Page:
San Francisco based Engineers.ai designs software solutions around artificial intelligence and simplify them, so a non-technical person can also design an app or make their own website. According to co-founder Sachin Dev Duggal, “Biometric is a significant technology as cyber frauds are increasing with the country going digital and cashless. Moreover, it’s a critical part of the authentication infrastructure. Fingerprint, iris, facial and voice are now important tools in being able to seamlessly identify someone to be authentic. We have a number of building blocks that provide 2FA or biometric features; in fact, our own developer platform is going to start using facial recognition to authenticate developers on our platform.”
Adapting is still not easy for small businesses. V Srinivasan of eMudhra thinks that SMEs still have to be digitally sound to adopt biometrics. He said, “In the SME space, authentication has not quite evolved to the extent it has in sensitive large organisations like banks. Perhaps, because the risk exposure is lower. SMEs are still primarily on OTP authentication, username/password and 2FA.”
Cost is the biggest hurdle, especially for smaller organisations. While authentication is definitely becoming an important topic amongst large organisations and SMEs alike, however, the risk exposure level is significantly different between the two segments, as is the affordability and the importance given to the depth of authentication at play. Adds Srinivasan, “I think that once you cross SMS, OTP and 2FA, more advanced forms of authentication typically tend to be more expensive in multiple ways. Further, the Indian market does not have too many SaaS players offering advanced authentication on SaaS. That’s why SMEs either rely on third-party authentication (like Facebook, Google, etc.) or typically restrict their own authentication layers to 2FA using password and OTP.”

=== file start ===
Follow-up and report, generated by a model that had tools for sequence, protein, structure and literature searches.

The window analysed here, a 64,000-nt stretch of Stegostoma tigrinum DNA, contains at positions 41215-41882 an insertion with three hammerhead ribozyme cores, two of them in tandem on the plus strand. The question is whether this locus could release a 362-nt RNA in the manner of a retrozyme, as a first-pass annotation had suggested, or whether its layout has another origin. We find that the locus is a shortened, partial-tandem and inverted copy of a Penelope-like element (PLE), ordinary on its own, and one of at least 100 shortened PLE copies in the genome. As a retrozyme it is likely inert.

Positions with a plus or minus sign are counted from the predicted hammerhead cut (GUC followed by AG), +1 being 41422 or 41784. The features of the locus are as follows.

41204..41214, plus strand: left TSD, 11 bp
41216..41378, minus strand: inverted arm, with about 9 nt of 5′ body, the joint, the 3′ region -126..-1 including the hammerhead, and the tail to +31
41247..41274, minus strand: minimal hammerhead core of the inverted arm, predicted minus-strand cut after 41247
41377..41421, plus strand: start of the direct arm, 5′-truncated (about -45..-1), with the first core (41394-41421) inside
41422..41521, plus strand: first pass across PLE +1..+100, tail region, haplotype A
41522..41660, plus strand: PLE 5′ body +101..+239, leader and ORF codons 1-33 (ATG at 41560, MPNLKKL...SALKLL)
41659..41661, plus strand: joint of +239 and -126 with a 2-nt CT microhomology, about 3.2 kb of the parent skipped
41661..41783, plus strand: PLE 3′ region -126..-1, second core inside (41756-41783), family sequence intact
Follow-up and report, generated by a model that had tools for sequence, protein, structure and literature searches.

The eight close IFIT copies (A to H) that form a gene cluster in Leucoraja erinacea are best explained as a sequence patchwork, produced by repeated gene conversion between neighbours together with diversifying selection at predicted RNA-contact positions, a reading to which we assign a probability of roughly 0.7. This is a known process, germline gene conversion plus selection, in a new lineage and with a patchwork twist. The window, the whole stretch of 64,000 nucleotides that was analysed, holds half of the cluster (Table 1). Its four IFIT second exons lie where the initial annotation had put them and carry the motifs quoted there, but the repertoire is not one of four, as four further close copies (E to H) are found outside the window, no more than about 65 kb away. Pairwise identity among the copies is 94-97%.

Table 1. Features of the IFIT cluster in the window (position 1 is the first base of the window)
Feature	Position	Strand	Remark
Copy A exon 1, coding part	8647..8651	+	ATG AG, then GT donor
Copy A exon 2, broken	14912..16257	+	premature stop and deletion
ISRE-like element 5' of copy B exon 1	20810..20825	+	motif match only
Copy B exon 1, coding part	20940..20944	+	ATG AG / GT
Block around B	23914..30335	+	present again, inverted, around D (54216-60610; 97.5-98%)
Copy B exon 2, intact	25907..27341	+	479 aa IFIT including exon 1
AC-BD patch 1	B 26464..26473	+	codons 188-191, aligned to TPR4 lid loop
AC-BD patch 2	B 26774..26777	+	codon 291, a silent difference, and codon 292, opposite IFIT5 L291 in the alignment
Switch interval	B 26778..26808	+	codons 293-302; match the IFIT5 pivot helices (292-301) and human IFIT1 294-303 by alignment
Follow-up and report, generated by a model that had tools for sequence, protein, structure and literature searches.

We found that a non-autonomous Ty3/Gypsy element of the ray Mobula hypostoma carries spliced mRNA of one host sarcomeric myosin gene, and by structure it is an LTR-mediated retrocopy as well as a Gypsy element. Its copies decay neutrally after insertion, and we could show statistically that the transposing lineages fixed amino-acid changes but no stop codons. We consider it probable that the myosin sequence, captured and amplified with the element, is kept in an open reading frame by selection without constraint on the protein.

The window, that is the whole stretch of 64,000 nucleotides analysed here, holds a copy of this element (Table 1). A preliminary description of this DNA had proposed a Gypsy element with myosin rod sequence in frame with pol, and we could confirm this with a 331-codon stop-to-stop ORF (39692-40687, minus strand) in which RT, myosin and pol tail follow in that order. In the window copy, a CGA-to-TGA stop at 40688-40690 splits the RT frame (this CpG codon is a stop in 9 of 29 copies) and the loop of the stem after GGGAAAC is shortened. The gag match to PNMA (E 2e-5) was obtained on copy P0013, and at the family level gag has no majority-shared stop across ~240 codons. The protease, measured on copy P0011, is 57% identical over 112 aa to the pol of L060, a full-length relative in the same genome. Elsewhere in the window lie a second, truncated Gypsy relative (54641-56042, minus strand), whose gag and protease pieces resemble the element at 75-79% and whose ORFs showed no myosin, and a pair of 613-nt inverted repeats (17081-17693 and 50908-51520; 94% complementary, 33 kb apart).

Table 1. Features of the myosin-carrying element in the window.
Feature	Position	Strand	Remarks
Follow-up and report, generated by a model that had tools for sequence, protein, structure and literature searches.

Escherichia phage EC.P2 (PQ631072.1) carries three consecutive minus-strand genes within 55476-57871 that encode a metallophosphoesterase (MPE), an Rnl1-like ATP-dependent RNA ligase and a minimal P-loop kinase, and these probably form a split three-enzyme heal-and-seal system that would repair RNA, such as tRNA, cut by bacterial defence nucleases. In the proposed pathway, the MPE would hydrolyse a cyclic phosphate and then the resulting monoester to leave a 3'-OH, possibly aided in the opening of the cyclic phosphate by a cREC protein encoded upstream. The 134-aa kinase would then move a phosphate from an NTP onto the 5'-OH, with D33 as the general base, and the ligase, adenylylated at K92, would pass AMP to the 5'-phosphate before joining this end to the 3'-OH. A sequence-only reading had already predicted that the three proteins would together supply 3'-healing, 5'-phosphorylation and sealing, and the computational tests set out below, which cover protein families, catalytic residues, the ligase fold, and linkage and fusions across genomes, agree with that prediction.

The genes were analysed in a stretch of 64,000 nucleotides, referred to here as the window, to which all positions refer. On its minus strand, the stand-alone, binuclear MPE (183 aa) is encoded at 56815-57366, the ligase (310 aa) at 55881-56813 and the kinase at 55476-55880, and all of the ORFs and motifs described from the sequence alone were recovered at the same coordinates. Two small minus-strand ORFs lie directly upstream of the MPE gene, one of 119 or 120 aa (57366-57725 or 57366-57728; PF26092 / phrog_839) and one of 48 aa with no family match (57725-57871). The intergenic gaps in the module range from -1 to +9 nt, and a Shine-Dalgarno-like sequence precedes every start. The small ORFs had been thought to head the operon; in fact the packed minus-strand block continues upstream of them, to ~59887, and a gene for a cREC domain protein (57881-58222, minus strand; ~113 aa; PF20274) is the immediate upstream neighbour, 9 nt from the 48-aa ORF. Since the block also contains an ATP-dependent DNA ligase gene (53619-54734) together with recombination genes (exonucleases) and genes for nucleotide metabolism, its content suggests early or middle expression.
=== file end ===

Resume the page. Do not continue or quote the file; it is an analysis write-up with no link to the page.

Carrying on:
But, according to Sachdev, being expensive is a more a perception than reality. “Owing to its sophistication, there is a general tendency to consider this technology as ‘expensive’. On the contrary, it’s just a one-time installation/deployment. For example, voice biometrics is based on unique characteristics of human voice. Once a sample is recorded, it can be used as a base/reference umpteen times to authenticate a person’s identity using voice in sectors such as banking and telecom. Having said this, there are some solutions, such as fingerprint and iris, which require a device as a medium.”
Security is another challenge. Like any data, biometric data can fall into the wrong hands if not protected. But Sachdev feels that the cornerstone of biometrics is its ability to remain tamper-proof. “Yes, there are incidents reported which testify against this ability, but technology is moving at a lightning pace and there will be a day when leaks are plugged to make it 100 per cent secure.”